Balloon bickering over Biden's actions, China's intentions

WASHINGTON (AP) — Republican lawmakers on Sunday accused China of deliberating surveilling sensitive U.S. military sites with a suspected spy balloon and said the Biden administration had given Beijing an intelligence opening by not downing the balloon during its high-altitude drift through American airspace.

The balloon's presence in the sky above the United States before a military jet shot it down over the Atlantic Ocean with a missile Saturday further strained U.S.-China ties. America's top diplomat abruptly scrapped a trip to Beijing and China's defense ministry said in a statement after the balloon fell into the waters off the Carolina coast that it "reserves the right to take necessary measures to deal with similar situations.”

“Clearly this was an attempt by China to gather information, to defeat our command and control of our sensitive missile defense and nuclear weapon sites,” said the chairman of the House Intelligence Committee, Rep. Mike Turner, R-Ohio. “And that certainly is an urgency that this administration does not recognize.”

U.S. defense and military officials said the balloon entered the U.S. air defense zone north of the Aleutian Islands on Jan. 28 and moved largely over land across Alaska and then into Canadian airspace in the Northwest Territories on Monday. It crossed back into U.S. territory over northern Idaho on Tuesday, the day the White House said President Joe Biden was first briefed on it.

Senate Majority Leader Chuck Schumer, D-N.Y., said the full Senate will get a briefing this month on the balloon, including details about its surveillance capabilities. He has defended the administration for making “the right call” on when to shoot it down and said the Republican criticism was “wrong and political.”

Biden issued the shootdown order but had wanted it to happen earlier, on Wednesday. He was advised that the best time for the operation would be when it was over water, U.S. officials said. Military officials determined that bringing down the balloon over land from an altitude of 60,000 feet would pose an undue risk to people on the ground.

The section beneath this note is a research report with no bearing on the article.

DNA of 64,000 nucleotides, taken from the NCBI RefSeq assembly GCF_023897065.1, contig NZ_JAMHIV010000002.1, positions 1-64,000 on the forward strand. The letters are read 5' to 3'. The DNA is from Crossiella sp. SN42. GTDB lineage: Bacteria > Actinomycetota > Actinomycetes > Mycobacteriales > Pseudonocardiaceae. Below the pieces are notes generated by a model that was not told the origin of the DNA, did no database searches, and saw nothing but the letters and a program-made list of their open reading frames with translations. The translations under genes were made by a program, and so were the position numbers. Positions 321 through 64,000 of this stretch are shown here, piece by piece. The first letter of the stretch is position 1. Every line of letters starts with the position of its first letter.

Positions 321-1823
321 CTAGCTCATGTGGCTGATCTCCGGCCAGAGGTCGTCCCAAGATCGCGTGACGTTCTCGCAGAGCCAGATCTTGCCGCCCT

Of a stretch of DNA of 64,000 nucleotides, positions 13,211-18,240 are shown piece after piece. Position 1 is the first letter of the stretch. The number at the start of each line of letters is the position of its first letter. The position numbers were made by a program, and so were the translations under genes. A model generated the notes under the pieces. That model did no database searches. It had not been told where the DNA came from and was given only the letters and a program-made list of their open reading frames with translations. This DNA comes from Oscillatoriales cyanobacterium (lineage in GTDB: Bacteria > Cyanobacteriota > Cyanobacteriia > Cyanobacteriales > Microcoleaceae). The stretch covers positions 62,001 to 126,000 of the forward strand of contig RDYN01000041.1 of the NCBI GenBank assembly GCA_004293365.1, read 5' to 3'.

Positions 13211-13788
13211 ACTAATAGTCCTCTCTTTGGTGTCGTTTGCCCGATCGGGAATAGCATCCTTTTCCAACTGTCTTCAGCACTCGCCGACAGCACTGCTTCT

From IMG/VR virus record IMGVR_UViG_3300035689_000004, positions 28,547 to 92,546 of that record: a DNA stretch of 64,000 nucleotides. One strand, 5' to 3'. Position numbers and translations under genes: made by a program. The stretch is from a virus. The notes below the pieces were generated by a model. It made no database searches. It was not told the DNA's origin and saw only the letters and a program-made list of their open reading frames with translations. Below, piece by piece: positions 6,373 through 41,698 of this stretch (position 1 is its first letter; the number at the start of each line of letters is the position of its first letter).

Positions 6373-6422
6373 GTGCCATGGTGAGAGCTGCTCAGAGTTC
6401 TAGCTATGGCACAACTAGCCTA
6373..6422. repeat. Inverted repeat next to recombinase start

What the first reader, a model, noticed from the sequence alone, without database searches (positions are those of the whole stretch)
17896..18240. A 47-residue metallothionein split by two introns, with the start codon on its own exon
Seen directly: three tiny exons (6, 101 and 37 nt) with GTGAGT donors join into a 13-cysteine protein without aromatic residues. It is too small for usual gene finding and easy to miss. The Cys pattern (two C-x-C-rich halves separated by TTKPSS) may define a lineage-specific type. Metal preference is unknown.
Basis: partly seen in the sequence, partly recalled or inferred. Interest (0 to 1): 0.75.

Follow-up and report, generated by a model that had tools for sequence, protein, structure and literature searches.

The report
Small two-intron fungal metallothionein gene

“The message they (the Chinese) were trying to send is what they believe internally, and that is that the United States is a once great superpower that’s hollowed out, that’s in decline,” said Republican Sen. Marco Rubio of Florida, vice chairman of the Senate Intelligence Committee. “And the message they’re trying to send the world is, ‘Look, these guys can’t even do anything about a balloon flying over U.S. airspace. How can you possibly count on them if something were to happen in the Indo-Pacific region?’”

The balloon was spotted Wednesday over Montana, home to Malmstrom Air Force Base, which has fields of nuclear missile silos.

“They didn’t go and look at the Grand Canyon,” Turner said. “They went and looked at our nuclear weapon sites and the missile defense sites throughout the country.”

Taking it down only until it reached the ocean “is sort of like tackling the quarterback after the game is over,” Turner said, after the balloon “had completed its mission.”

But Sen. Cory Booker, D-N.J., said he trusted the military, adding, “We should remember that this is now known to have happened under the Trump administration multiple times. And so to create another standard for Biden when Trump, it seems, allowed this to go over the United States is just a bit hypocritical."

China has denied any claims of spying and said it was a civilian-use balloon intended for meteorology research. The Ministry of Foreign Affairs contended that the balloon’s journey was out of the Chinese government's control.

"This was not an accident. This was deliberate. It was intelligence, you know?'' said retired Adm. Mike Mullen, a former Joint Chiefs of Staff chairman.

Asked whether elements of the Chinese military may have wanted to disrupt Secretary of State Antony Blinken's planned visit, Mullen responded: “Clearly, I think that’s the case.”

He said “this really damages a relationship between us and China” and “puts a big dent in moving forward in a constructive way, which we really need to do.”

The flight came to an end at about 2:39 p.m. EST Saturday, when an F-22 fighter jet fired a missile at the balloon, puncturing it while it was about 6 nautical miles off the coast near Myrtle Beach, South Carolina, defense officials said.

The debris landed in 47 feet of water, shallower than officials had expected, and it spread out over roughly 7 miles. Officials estimated the recovery efforts would be completed in a short time, not weeks.

Defense officials who briefed reporters have said the U.S. was able to collect intelligence on the balloon as it flew over the country. They said the military concluded that the technology on the balloon didn’t give the Chinese significant intelligence beyond what it could already obtain from satellites, though the U.S. took steps to mitigate what information it could gather as it moved along.

Chris Megerian, The Associated Press